US Travel Ban May Last Until 2021?

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Most countries decided to effectively ban all non-citizen/resident incoming (and some even outgoing) travel before (still on-going) the first peak of the Covid-19 pandemic.

Argentina banned all incoming flights until September (read more here), and Spain may be closed for tourists until October (read more here). Australia and New Zealand may allow travel between countries soon, but others may have to wait until 2021.

Many have wondered when the United States is open again for business and leisure travel? It doesn’t appear to be too soon based on an interview that the US Treasury secretary gave to a US TV channel according to an article on Financial Times.

Here’s an excerpt from the Financial Times (access their piece here):

Steven Mnuchin, the US Treasury secretary, said it was “too hard to tell” if the US will loosen international travel restrictions affecting Asia and Europe this year, even as measures limiting domestic economic activity are lifted.

The failure to lift those bans throughout the summer months would mark a further blow to the global travel and hospitality sector.

Asked on Fox Business if international travel would be “opened up this year”, Mr Mnuchin said: “Too hard to tell at this point. I hope down the road it is . . . Our priority is opening up the domestic economy.”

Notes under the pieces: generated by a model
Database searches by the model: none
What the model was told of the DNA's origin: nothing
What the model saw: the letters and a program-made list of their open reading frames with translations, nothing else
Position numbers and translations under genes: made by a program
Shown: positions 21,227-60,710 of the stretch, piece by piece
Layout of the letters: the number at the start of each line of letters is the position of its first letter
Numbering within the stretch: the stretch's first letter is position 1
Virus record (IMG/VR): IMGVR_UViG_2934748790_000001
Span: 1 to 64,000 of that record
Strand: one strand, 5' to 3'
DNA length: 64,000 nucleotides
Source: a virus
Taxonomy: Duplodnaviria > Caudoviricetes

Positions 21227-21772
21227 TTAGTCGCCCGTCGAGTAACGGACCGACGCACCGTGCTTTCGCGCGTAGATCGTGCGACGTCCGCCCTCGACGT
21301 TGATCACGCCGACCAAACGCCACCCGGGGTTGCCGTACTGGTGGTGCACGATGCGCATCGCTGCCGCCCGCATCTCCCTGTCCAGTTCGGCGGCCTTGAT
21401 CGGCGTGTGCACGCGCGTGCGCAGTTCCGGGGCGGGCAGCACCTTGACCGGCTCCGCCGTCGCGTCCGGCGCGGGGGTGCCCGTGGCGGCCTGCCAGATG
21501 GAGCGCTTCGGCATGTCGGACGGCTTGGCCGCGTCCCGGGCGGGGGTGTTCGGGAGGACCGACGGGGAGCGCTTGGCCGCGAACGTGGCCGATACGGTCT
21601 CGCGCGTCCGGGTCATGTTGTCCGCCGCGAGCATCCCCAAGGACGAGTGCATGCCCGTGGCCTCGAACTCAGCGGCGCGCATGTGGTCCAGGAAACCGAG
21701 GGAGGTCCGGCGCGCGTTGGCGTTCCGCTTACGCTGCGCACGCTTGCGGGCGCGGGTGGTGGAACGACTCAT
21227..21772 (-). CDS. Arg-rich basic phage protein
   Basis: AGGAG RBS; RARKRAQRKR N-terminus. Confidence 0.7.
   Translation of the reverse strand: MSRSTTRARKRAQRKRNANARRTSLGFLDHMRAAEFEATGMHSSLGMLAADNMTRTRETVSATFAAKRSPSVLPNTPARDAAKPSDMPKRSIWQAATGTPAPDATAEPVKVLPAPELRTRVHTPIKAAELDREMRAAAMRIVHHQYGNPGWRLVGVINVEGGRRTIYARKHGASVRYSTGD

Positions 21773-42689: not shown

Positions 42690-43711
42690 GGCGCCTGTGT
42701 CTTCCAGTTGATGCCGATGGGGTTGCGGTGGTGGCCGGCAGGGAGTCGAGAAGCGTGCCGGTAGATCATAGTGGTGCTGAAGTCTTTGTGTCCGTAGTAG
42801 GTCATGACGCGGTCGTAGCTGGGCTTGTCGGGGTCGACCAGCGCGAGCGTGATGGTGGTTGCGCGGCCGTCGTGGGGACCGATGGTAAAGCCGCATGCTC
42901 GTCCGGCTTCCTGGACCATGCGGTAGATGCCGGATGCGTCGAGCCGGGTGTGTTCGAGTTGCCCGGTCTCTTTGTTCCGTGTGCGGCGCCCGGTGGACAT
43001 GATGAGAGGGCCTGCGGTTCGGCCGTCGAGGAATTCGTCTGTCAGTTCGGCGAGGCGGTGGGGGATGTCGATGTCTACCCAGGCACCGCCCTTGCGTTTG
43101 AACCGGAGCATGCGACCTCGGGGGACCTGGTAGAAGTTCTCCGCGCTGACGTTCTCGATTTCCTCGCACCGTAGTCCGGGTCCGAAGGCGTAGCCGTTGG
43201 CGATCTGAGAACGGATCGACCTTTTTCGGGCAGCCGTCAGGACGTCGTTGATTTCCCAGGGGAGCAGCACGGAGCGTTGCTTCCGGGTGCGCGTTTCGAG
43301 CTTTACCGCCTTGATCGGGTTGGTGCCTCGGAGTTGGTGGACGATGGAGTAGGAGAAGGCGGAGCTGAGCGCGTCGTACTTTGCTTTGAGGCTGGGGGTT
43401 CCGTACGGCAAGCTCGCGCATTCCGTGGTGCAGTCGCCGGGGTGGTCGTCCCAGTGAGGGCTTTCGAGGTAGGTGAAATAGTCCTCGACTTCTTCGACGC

He then added: “Obviously, for business people that do need to travel, there will be travel on a limited basis. But this is a great time for people to explore America.”

Conclusion

As I was pointing out last week (read more here), international travel will be very challenging until the coronavirus pandemic is over worldwide in 18 to 24 months (once we have herd immunity, preferably through a vaccine or the virus has gone through the population).

It is challenging for leisure travelers to plan trips due to possible second or third waves that may suddenly make transit points non-accessible or destination countries borders closed or requiring quarantine upon arrival.

I would be very hesitant to book any travel now beyond domestic within the United States or perhaps within Schengen countries in Europe (for later this year).

Perhaps it is better to start planning for trips in 2021 and just write off 2020?

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